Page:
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Huelva

Saga Sapphire blog - Captains' blogs

1st November, 2017

After a high speed run down the Portuguese and Spanish coasts we made an Easterly approach to the pilot station just as another beautiful sunrise was developing. This was my first call at Huelva so I was on the Bridge extra early and was immediately “greeted” with what appeared to be the entire Spanish fishing fleet, no doubt heading out for the morning catch. Fortunately the boats were well lit and the vast majority had AIS which stands for Automatic Identification System – this is a great Navigational aid and assists greatly with identifying ships/boats along with their course and speed.

Our 2nd Officer Hugo was again holding the “con” and after slowing down to embark the pilot he headed for the buoyed Odiel river. Once the Master/Pilot exchange was completed Hugo handed the con to the pilot and he then guided us up river towards our berth. With a 2 knot flood tide running and limited turning room, 1 tug was ordered to assist with the manoeuver. We actually used the tug to slow us down whilst keeping one engine running ahead ensuring we a had a good flow over the single rudder to enable us to steer at slow speed. We passed the berth, swung in the slighter wider section of the river and then proceeded back down river to the berth making use of the flood tide to “push” us towards the berth. With us all fast by 0845 and a shore gangway rigged soon after, the Immigration and Custom Officials boarded to clear the ship.

Our first tour group who were heading to Seville for a full day were flowing down the gangway at 0900 sharp and I took the opportunity to wish them well at the foot of the gangway. We had three other tours that day which included a trip to a Rio Tinto Mine, Donana National Park, and Local Wines & El Rocio. Attached is a photo of Seville and one of the Rio Tinto mine.

Huelva is a busy port in the extreme SW corner of Spain along the Gulf of Cadiz. The city has been inhabited since 3000BC and has always been a location of maritime importance. It has been ruled by Phoenicians, Greeks, Romans and Arabs. In 1755 it suffered substantial damage after the Lisbon earthquake. During WWII the city was a hub of espionage activities led by the large British and German communities. Most famously the city was the location of the audacious British plan “Operation Mincemeat”, when a body carrying false information washed ashore.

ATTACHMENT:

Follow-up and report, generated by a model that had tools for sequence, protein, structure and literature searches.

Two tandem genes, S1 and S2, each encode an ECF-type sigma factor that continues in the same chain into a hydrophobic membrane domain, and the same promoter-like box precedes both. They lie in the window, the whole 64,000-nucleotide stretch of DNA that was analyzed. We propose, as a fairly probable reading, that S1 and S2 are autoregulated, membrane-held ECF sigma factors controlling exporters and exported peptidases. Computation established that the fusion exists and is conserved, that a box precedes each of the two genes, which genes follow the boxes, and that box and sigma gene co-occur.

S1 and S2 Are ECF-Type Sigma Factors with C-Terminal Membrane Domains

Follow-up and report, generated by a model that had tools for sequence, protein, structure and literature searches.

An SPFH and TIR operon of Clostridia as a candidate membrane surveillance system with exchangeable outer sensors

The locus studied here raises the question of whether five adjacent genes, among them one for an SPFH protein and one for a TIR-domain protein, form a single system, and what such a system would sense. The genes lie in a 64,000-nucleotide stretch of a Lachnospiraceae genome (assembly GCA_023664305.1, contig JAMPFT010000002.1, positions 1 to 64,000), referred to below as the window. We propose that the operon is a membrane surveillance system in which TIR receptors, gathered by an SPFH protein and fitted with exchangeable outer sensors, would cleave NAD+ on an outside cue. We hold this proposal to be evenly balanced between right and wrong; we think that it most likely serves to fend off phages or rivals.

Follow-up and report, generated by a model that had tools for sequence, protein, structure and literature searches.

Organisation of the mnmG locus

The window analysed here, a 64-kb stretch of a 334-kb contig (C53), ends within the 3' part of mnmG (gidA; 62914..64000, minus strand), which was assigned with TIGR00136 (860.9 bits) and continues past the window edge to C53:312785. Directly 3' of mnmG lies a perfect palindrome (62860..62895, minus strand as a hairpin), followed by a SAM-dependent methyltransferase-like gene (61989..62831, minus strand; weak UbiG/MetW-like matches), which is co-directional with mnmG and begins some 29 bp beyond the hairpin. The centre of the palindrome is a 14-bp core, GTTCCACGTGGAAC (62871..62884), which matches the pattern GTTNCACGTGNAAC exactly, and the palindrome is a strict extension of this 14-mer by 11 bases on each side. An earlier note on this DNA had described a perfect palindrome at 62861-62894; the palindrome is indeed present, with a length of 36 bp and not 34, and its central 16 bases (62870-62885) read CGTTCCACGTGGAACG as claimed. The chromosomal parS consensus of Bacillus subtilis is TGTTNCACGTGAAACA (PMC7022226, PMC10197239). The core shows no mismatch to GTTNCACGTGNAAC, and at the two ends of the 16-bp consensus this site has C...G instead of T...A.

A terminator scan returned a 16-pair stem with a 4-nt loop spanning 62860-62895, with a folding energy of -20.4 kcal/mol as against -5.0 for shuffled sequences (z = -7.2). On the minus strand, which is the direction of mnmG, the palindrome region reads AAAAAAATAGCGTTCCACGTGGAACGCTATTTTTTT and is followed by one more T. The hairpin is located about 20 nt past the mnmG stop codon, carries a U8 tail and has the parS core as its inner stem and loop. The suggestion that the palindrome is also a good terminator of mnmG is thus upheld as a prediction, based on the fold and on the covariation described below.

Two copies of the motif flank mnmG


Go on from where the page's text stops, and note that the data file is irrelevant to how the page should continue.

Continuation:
Along with a couple of the deck crew I took to the road with my bike and had a great workout cycling 15km into Huelva where we “whizzed” round the town's narrow streets , sampled some ice cream and then headed back along the river to the ship.

With everyone back on board by 1800 we made our preparations ready to sail. With the ebb tide I had hoped this would be enough to ease the ship naturally away from the dock. Unfortunately the wind freshened just before sailing so we had to engage the services of a tug. By 1900 we were clear of the river and with the pilot away we set course for Palma, Majorca with an early morning transit of the Gibraltar Straits.

Captain Julian Burgess

The opinions expressed are those of the author and are not held by Saga unless specifically stated.

The material is for general information only and does not constitute investment, tax, legal, medical or other form of advice. You should not rely on this information to make (or refrain from making) any decisions. Always obtain independent, professional advice for your own particular situation.

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